As promised, a little post about Pisa.
On Sunday morning, The Musician and I left Viareggio early enough to get some time in Pisa city centre; we knew we had time for an hour with the Torre Pendente and a coffee.
Apparently when my parents brought me to see the tower when I was 2 1/2, I caused widespread panic by screaming at the top of my lungs, from my stroller, that the tower was falling down; South-East Asian tourists scattered at high speed as my parents fell about laughing. This time, as we approached it, I couldn’t stop laughing. It looks unreal, the lean is so significant. So after I’d laughed a bit and the Musician had recounted the story above (which comes out at least once every six months), we got ourselves due latti macchiati at a corner table in a cafe with a view of the tower; seriously, this was our view.
If it doesn’t look very slanty, it’s because our angle was all wrong from the cafe; were it to finally keel over, the top story would have squashed us. Deep thoughts for a latte. The top photo doesn’t really do it justice either. The thing is properly falling-over-slanted. Just believe me. According to Wikipedia, work has been undertaken, so when I saw it in 1990 it was 1.5 degrees more slanted than it is now. I’m sure the authorities don’t want to correct it too much though because it wouldn’t be famous any more! After all, what would tourists pretend to prop up then?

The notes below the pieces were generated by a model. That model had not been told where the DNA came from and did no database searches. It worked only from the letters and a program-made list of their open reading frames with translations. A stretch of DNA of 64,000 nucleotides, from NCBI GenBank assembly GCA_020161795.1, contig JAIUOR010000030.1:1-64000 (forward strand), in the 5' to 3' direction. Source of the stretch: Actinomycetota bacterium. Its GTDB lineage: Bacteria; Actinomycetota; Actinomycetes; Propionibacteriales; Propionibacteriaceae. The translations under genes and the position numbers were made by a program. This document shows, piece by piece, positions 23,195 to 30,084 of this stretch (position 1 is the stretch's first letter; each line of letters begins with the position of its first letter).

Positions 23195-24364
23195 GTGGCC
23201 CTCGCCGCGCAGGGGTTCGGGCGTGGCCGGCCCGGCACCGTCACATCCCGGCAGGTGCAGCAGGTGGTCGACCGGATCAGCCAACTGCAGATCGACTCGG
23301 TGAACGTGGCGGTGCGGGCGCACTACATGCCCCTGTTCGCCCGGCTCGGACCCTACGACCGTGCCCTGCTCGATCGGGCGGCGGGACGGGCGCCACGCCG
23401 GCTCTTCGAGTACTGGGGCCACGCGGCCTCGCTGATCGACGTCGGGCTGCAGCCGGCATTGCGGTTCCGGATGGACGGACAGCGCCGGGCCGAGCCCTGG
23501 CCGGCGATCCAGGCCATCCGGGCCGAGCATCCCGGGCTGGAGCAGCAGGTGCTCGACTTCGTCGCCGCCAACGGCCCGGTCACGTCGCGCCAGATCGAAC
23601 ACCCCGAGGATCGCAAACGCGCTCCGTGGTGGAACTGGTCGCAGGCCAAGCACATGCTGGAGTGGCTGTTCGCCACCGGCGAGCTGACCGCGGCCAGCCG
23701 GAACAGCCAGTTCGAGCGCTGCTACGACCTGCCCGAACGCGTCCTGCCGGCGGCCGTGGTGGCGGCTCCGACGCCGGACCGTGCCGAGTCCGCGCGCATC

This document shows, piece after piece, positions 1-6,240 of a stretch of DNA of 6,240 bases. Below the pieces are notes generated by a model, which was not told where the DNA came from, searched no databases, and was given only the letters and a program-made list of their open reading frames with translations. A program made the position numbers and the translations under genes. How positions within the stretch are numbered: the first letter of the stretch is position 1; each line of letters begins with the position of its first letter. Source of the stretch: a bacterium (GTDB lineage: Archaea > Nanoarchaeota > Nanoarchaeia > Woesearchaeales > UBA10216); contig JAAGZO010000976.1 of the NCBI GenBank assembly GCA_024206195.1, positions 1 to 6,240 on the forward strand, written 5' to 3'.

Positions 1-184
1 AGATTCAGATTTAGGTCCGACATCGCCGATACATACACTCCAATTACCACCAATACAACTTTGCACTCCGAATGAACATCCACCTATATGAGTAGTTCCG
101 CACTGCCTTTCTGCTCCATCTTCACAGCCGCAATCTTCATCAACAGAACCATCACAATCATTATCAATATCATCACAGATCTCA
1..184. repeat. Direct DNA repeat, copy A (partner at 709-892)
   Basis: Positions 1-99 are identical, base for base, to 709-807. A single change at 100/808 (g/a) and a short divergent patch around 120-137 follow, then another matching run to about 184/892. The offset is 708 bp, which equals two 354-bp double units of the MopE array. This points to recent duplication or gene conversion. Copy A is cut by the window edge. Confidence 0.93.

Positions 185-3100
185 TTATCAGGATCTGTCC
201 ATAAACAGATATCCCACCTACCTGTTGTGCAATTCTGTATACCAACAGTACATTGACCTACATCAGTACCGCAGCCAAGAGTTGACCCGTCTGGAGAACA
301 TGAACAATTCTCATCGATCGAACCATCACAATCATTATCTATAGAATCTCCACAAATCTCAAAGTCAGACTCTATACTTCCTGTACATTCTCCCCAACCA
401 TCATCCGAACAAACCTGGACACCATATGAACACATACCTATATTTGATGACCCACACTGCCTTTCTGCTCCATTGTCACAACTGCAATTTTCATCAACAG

It’s a bit sad really, a beautiful – and it really is stunning – monument reduced to comedy prop in photos and laughing stock of towers worldwide. Big Ben, or rather St Stephen’s tower, to give him his proper name, should laugh quietly – he’s leaning too. Whoops – good thing I went to Wikipedia – this year it was renamed the Elizabeth Tower, in honour of Queen Elizabeth II in her Diamond Jubilee year. So she should laugh quietly.